When I started my general contracting company, G2S Constructors Inc., in 1978, I made a decision: The company would avoid public works projects as much as possible and concentrate instead on the private industrial market.

That's not because public works jobs aren't profitable. On the contrary, they can provide some firms with a steady and dependable source of income, especially when the economy is in a general downturn. But to accept public projects means a company like ours would also have to comply with the Davis-Bacon Act, and that I'm unwilling to do.

The 1931 legislation requires contractors to pay "prevailing" wages, as determined by the U.S. Department of Labor, on almost all projects that are funded, in whole or in part, with federal money. Only projects costing less than $2,000 are exempt.

Unfortunately, wages set according to DOL standards often bear no resemblance to actual market conditions. The standards are strongly biased toward union rates, which are the highest wage rates in most areas -- not the prevailing or average ones.

For example, the department's notorious "30% rule" holds that if 30% of an area's carpenters receive an identical wage -- down to the penny -- then all carpenters on federally assisted projects in the area must also receive that wage. Obviously, only workers covered by collective bargaining agreements receive identical wages, down to the penny. No matter if 70% of the area's carpenters are nonunion, the law says the union rate is the "prevailing" wage.

In addition, the department usually issues wage determinations for entire counties or even larger regions, which means that high wages, typical of urban areas, are imported into less wealthy or depressed rural areas within the same district.

These are just two illustrations of the headaches this law can cause small construction firms like mine. In effect, we are prohibited from bidding on many jobs that would otherwise be desirable. In addition, the law raises construction costs for government agencies, thereby contributing to inflation, budget deficits, and higher taxes.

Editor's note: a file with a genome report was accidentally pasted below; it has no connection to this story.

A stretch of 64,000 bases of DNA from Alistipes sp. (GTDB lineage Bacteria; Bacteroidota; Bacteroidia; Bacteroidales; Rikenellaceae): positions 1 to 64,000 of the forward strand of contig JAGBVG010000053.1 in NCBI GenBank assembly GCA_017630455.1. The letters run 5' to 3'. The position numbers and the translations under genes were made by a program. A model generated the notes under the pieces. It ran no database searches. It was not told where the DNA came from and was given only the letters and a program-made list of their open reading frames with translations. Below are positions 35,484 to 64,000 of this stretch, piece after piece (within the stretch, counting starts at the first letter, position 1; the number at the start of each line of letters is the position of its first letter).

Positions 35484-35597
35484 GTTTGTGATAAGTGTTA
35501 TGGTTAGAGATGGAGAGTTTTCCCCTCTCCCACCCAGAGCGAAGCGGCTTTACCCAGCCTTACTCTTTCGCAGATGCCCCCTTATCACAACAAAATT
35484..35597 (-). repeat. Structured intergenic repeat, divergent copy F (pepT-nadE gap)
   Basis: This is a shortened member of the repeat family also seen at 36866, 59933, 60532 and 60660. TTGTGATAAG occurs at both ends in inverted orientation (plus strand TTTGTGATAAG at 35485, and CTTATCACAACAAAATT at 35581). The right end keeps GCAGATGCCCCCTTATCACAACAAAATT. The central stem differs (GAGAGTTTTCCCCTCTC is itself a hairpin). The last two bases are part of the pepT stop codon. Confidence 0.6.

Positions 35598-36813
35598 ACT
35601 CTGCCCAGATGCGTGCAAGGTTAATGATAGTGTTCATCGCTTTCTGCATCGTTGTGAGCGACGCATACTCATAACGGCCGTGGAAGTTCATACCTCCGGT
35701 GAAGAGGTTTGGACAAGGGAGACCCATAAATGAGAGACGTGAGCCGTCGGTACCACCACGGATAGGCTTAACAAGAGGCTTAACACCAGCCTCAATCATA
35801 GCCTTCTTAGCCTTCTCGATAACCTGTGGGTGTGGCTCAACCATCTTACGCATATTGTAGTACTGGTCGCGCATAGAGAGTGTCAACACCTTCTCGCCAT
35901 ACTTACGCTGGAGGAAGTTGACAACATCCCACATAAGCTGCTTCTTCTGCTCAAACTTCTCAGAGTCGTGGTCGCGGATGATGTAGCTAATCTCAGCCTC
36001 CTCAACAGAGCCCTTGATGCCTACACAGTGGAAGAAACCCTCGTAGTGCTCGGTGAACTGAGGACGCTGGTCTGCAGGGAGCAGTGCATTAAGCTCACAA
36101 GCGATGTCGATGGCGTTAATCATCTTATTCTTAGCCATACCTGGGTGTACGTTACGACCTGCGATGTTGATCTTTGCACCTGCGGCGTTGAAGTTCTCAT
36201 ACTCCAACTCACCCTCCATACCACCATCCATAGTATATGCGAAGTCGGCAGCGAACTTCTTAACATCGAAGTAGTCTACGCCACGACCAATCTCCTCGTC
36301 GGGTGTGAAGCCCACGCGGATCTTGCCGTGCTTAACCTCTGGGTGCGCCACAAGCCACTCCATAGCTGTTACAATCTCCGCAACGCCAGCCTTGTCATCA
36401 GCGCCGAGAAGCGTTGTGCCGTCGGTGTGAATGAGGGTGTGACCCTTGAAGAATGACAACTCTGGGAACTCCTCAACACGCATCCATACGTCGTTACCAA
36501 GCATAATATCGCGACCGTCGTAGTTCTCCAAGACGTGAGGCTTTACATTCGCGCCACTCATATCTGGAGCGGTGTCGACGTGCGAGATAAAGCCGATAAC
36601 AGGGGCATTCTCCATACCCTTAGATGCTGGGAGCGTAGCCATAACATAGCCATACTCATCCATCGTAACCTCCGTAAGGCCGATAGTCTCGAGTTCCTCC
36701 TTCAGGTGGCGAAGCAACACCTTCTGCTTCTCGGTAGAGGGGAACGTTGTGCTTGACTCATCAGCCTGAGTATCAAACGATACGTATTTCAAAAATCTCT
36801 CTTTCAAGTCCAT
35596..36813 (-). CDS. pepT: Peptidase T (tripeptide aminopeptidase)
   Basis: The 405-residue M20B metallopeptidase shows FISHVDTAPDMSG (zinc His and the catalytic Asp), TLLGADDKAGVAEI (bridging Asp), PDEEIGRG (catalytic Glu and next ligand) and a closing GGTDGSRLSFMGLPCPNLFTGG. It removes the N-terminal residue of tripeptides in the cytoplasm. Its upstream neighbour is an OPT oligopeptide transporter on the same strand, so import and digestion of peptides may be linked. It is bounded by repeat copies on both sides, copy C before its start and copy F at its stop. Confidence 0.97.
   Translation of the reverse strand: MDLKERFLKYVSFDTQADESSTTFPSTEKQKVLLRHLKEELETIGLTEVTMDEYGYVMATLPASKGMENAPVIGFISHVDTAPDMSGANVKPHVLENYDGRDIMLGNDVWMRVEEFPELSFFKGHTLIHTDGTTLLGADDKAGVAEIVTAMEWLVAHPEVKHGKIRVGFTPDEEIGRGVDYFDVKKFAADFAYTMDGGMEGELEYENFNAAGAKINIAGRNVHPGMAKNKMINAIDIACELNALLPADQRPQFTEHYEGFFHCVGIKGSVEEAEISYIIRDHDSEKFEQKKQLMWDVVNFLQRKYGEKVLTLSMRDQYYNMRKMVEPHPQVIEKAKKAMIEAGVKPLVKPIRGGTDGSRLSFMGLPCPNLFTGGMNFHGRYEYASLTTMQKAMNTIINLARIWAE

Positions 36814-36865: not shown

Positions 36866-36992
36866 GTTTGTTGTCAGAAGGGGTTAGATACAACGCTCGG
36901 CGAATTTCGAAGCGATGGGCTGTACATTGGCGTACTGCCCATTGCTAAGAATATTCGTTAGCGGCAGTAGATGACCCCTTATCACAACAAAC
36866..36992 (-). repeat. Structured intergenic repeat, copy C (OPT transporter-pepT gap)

Davis-Bacon was born early in the Depression, at a time when high unemployment in the construction industry had encouraged some contractors to use itinerant labor to undercut local wages. This aroused the ire of both workers and contractors, who successfully pushed Congress for the protection this law would afford. Today, conditions are vastly different from what they were in 1931, yet the Davis-Bacon Act remains on the books in essentially the same form as when it was passed.

Let me show you specifically how the law affects our company. Most of our work is for industries such as paper, chemicals, metals, and utilities in the New England states and northern New York. Our revenues are approximately $1.5 million a year; our payroll is about $500,000. Our people are skilled workers in structural concrete and steel, process chemical and steam piping, manufacturing equipment installation, and rigging, as well as instrumentation and control work.

A substantial number of our employees work for us on a year-round basis. They typically have several skills and are assigned different kinds of tasks. We have two hourly pay classifications: labor and skilled. Skilled includes such traditional categories as carpenter, ironworker, welder, millwright, and equipment operator. Labor covers the traditional laborer category, as well as helpers for the various skilled categories.